s3.1.2:s/Operators should not/Users should not/ perhaps.

s3.1.2: s/going to IPv4-only service/going to IPv4-only services/

s3.1.2: s/restrains NAT uses/restrains NAT usage/



s3.1.2: s/all traffic flows have to be traversed and translated./all 


traffic flows have to traverse the NAT44 middlebox and be translated there./






s3.1.2: s/may serve a double roles, i.e. a translator and IPv6 


forwarder./may serve a dual role acting as both translator and IPv6 


forwarder./




s3.1.2: s/Therefore, both IPv6 and IPv6

s3.1.2:
OLD:


In some sense, it encourages IPv6 transmission and restrains NAT uses 


compared to NAT44(if used), on which all traffic flows have to be 


traversed and translated. In some cases, NAT64-CGN may serve double 


roles, i.e. a translator and IPv6 forwarder. In mobile networks, NAT64 


is likely deployed as the default gateway serving for all the IPv6 


traffic. The traffic heading to a dual-stack server is only forwarded on 


the NAT64. Therefore, both IPv6 and IPv4 are suggested to be configured 


on the Internet faced interfaces of NAT64. We tested on Top100 websites 


(referring to [Alexa] statistics). 43% of websites are connected and 


forwarded on the NAT64 since those websites have both AAAA and A 


records. With expansion of IPv6 supports, the translation process on 


NAT64 will likely be faded. In addition, it should be noted the 


DNS64-DNSSEC Interaction[RFC6147] may impact the DNS64 process. For 


example, DNS64 will not work with the case, where there is a DNS query 


with the "DNSSEC OK" (DO) bit set and the "Checking Disabled" (CD) bit 


set received.



NEW:


In some sense, it encourages IPv6 transmission and restrains NAT usage 


compared to system using NAT44 (if used), on which all traffic flows 


have to traverse the NAT44 middlebox and be translated in passing. In 


some cases, NAT64-CGN may serve a dual role as both translator and IPv6 


forwarder. In mobile networks, NAT64 is likely deployed as the default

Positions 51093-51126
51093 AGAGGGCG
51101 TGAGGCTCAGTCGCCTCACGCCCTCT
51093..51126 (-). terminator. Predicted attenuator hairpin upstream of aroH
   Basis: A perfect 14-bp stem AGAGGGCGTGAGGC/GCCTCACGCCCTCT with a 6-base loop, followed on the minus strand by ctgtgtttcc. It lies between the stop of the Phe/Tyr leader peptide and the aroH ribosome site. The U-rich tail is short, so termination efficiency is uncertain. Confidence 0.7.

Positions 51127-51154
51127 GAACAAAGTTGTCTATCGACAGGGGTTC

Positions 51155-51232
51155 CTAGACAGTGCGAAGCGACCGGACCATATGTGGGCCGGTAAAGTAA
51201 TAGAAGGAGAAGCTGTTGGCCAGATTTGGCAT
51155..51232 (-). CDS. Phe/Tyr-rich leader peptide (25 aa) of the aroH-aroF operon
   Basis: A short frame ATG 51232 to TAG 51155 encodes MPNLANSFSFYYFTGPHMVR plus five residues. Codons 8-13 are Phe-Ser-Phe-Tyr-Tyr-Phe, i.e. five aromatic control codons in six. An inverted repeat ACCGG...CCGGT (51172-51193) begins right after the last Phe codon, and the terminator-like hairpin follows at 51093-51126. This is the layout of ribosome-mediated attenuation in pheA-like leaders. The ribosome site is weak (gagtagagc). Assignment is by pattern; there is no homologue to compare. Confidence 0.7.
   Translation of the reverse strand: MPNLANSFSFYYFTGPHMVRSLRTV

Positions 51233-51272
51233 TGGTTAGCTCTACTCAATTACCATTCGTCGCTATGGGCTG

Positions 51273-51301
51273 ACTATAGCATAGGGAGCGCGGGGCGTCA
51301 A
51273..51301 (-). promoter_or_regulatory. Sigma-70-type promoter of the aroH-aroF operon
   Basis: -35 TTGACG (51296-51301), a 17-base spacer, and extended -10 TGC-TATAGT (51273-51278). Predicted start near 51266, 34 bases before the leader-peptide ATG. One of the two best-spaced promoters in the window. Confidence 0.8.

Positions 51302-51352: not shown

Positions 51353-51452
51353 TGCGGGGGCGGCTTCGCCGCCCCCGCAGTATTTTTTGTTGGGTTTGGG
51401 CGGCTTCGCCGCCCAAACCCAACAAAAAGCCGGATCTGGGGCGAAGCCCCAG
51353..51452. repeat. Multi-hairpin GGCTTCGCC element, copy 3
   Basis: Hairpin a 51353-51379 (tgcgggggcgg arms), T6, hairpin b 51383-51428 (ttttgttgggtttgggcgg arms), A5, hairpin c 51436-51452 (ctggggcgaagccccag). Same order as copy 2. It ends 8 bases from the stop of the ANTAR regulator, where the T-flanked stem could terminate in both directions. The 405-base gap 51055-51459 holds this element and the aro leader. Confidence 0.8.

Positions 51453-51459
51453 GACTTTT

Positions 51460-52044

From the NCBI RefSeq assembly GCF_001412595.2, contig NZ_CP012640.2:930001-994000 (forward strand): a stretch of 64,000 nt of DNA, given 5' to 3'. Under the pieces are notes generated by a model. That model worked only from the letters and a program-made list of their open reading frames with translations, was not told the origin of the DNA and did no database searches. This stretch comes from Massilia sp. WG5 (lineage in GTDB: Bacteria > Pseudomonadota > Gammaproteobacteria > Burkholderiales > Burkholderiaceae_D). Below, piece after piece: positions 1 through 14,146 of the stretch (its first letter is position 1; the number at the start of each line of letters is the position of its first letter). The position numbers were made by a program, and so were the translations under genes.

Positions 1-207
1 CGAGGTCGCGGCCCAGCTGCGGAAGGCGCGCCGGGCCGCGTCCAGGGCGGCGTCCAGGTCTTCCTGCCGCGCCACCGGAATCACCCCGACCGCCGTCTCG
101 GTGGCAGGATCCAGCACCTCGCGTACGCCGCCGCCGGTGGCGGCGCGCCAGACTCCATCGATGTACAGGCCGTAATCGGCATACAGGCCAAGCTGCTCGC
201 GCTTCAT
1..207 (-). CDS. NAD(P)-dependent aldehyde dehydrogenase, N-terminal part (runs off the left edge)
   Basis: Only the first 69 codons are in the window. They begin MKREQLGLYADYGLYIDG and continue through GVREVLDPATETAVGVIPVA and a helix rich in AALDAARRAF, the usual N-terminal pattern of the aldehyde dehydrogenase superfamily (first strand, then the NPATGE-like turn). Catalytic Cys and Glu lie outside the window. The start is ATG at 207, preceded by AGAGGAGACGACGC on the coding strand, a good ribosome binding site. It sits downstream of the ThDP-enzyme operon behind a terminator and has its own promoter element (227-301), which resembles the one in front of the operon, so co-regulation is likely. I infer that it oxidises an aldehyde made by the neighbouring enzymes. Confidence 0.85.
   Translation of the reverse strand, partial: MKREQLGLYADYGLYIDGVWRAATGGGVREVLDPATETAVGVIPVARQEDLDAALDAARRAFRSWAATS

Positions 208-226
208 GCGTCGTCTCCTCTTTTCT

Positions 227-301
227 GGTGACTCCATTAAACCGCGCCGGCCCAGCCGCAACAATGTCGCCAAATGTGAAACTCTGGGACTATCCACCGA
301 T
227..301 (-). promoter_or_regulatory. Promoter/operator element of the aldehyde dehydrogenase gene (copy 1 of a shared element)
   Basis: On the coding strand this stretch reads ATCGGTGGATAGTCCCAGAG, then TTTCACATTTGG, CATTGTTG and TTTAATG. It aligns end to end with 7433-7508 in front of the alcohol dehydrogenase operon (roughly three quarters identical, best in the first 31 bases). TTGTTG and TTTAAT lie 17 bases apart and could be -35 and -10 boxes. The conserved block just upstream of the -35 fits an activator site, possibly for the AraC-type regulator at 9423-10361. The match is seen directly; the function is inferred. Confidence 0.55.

gateway serving all the IPv6 traffic. The traffic heading to a 


dual-stack server is only forwarded via the NAT64. Therefore, it is 


suggested [or may be RECOMMENDED] that both IPv6 and IPv4 are configured 


on the Internet facing interfaces of NAT64 middleboxes.  We tested the 


configuration of the Top100 websites (as identified in the [Alexa] 


statistics).  43% of websites are [Should this be "would be"] connected 


and forwarded via NAT64 since those websites have both AAAA and A 


records. With the expansion of IPv6 support, the need for the 


translation process on NAT64 middleboxes will likely diminish. In 


addition, it should be noted that the interaction of DNS64 and DNSSEC 


[RFC6147] may impact the DNS64 process. For example, DNS64 will not work 


in the case where a DNS query is received that has the "DNSSEC OK" (DO) 


bit set and the "Checking Disabled" (CD) bit set.







s3.1.3: s/is problematic from multiple-vendor's equipment due to 


inconsistent formats of log records./obtained from equipment supplied by 


multiple vendors may be problematic due to inconsistent log formats./






s3.1.3: This gave me a bit of a laugh...  So having got over my unstable 


user experience (probably due to excessive consumption of beer..)



OLD:
   Since the topology on each
   path is different, it may cause unstable user experiences and some
   degradation of Quality of Experience (QoE) when fallback to the other
   protocol is not powerful enough.
NEW:


   Since the routes taken by the two traffic sets may be different, 


user experiences



   may be inconsistent and there may be some
   degradation of Quality of Experience (QoE) when fallback to the other


   protocol is not sufficiently rapid. [or does this mean that the 


alternative route



   doesn't have enough capacity]

Please clarify.



[I gave up on language corrections at this point as it essentially needs 


a serious rewrite.]




s4.1, last para: Specifying 91.21% of traffic seems inappropriately exact.



s6.1:  It may well be that NAT64-CGN have an FTP ALG .. given the 


general view that FTP shouldn't be used it seems peculiar that this is 


the only default implementation!


Perhaps a comment about this (and maybe even TURNING OFF the FTP ALG) 


seems like an option.